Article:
And if you had heard the applause that followed this
frank statement of Mr. Bright's, as the teachers who were
evidently greatly in sympathy with him in his open con-
fession, clapped their hands, I think you would have
realized what those same teachers actually think of
geography as it is regularly taught in our schools, as a
means of developing the mind !

There is a wonderful significance in such a little scene
as the foregoing, when one comes to get into the real
meaning of it.

But to this class : The lesson was on Florida, and the
teacher stood at her desk zmt/t her finger on the qncstiofis, as
she read them, one by one.


I see the like frequently, especially in the geography

Teacher — "George, what is the shape (jf Florida ?"

George (who is a boy of twelve, a sort of bullet-
headed boy) — " It's round ! "

Teacher — " Round, George ? Think again ! "

George — "Well, it's kinder funny lookin' ! "

Teacher — " What do you mean by that, George ? Be
careful now ! "

George ^" Well, it's kinder round on the bottom,

anyhow ! "

Teacher — "That will do, George ! Mary, what natural

division of land is Florida?"


Mary — " I don't know what you mean."

Teacher (evidently trying to teach) — "Why, Mary,
we have natural relations and natural conditions; now,
what should you think a natural division of land would

(I quote verbatim from notes made on the spot!)

But Mary couldn't make it out.

Isn't this too bad? And yet this teacher had taught
six years, and was getting fifty dollars a month !

I asked the superintendent about her, and he said he
knew very well what a poor, weak teacher she was; '" but,"
he added, "what can I do? She is a relative of two mem-
bers of the board, who insist that she shall stay where she
is, and it is sure death to me in my position if I try to put
her out! "

He added, " I came within one of getting myself
dropped out two years ago, when I stood up and attempted
to get rid of a couple of weak teachers that I had then on
my hands. They both happened to belong to the same
church; and, to make matters worse, it wasn't the church
that I attended, and so the cry was raised that I was
against them because they were not religiously of my
faith ! "

"Well," he said, "I did get them out, but it wouldn't
be safe for me to make another similar move for a year
or two yet, or I shall be out myself."

And what can one say to such an argument as that?
For my part, I am dumb. Nevertheless, I think it best to
set the record of this fact down in these chronicles, for us
to think about, and see what we had better do about the
likes, as they come up now and then.

And they will come up !

Rut there is another side to it all, and, thank God, it
it is the biggest and brightest side, too. And this great

GEOLiRArilY AND 31 U SIC. 215

big bright side is the noble personality of the great bulk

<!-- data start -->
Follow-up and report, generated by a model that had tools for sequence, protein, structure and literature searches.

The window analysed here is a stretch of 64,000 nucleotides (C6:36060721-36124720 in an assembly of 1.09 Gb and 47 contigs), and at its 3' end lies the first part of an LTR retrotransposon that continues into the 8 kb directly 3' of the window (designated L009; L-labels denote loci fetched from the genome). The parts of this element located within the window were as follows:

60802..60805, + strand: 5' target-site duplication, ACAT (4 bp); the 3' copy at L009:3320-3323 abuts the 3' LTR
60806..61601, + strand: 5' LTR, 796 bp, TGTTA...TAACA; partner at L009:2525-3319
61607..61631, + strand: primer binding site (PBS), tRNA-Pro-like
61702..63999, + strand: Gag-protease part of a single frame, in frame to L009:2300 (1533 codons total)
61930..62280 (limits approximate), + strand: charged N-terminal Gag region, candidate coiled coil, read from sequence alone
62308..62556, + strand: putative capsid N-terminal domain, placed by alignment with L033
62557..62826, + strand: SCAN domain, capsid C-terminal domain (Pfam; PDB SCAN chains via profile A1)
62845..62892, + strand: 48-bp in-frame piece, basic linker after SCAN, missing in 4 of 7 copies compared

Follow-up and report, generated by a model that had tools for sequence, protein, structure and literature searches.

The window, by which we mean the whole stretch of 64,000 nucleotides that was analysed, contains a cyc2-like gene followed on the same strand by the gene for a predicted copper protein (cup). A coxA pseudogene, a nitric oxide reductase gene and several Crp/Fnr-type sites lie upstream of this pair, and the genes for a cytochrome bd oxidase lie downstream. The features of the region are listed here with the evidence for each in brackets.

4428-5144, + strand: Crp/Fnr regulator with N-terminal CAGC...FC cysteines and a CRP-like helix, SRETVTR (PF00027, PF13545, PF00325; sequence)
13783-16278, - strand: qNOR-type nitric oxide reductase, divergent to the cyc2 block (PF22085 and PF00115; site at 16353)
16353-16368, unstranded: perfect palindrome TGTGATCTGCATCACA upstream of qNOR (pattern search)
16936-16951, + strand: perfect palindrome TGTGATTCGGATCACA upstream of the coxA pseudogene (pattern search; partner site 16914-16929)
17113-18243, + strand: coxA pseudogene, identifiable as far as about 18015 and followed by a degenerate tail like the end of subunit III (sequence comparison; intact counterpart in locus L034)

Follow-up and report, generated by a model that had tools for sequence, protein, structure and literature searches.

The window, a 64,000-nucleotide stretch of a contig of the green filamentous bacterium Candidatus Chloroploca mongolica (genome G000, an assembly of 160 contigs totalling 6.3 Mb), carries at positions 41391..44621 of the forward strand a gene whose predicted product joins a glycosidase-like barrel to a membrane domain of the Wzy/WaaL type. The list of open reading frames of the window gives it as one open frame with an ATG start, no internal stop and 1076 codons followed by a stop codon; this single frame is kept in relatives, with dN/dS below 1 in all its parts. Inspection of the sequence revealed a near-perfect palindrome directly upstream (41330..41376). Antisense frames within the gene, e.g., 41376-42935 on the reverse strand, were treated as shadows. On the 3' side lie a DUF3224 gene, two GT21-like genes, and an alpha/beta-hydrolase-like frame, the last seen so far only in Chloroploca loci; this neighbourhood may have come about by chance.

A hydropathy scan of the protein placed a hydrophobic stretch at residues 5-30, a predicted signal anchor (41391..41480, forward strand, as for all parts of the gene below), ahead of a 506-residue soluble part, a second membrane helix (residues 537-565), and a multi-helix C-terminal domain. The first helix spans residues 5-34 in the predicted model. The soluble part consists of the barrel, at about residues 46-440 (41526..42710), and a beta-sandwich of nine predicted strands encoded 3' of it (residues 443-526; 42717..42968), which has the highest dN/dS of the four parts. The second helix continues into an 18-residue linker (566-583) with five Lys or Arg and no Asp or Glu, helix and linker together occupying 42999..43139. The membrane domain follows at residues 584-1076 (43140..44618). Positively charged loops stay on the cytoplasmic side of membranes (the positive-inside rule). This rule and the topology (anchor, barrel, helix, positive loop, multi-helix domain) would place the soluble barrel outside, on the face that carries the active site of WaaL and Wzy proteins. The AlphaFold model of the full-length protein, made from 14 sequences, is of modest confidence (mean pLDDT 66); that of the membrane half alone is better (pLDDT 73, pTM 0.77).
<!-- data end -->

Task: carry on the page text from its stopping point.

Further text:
of the teachers I meet. They are good men and good
women, the great mass of them; and while many of them
teach books very poorly, still they are such "good fel-
lows," men and women both, that the children get a great
deal out of them in spite of everything.

That is the consolation I get in spite of the many
discouraging things I see. It shows up at recesses and
noons, and when the children meet their teachers just as
"folks," and not as "Masters" and "Ma'ams."

And the system that brings children and men and
women together thus, even though it has its faults, is on
the right track, and is bound to come to good. Though
we ought to teac/i more and better.

And what are we going to do about geography? Poor
old geography !

If any one has a word of suggestion, speak up. As
they used to say at prayer meeting, "there is an opening
for prayer or remarks." Have yo?( anything to say? Or,
better, is j/(??/r teaching of geography worth the time and
trouble you and your pupils are giving it? If not, what
are you going to do about it?

I visited a school in Wisconsin, last week, and while
going the rounds, from room to room, I chanced upon
the music-teacher of the school, a woman who was enthu-
siastic in her work, and who got most excellent results
from her endeavors.

This teacher went from room to room, teaching music
in all grades, from the lowest to the highest ; and I was so
much interested in what sh^ was doing that I followed
her from class to class, as she went about the building.

And the thing that impressed me, in nearly all her
classes, was the fact that almost every child in every class


sang, and that they did so with reasonable accuracy, so
that the general effect was exceedingly pleasing.

I asked her about this as we walked down the hall
between the acts, questioning her as to the possibility of
making a singer out of each and every child that came to
school, and her answer was so sensible that it is a pleasure
to me to quote it, as nearly as I can remember it. She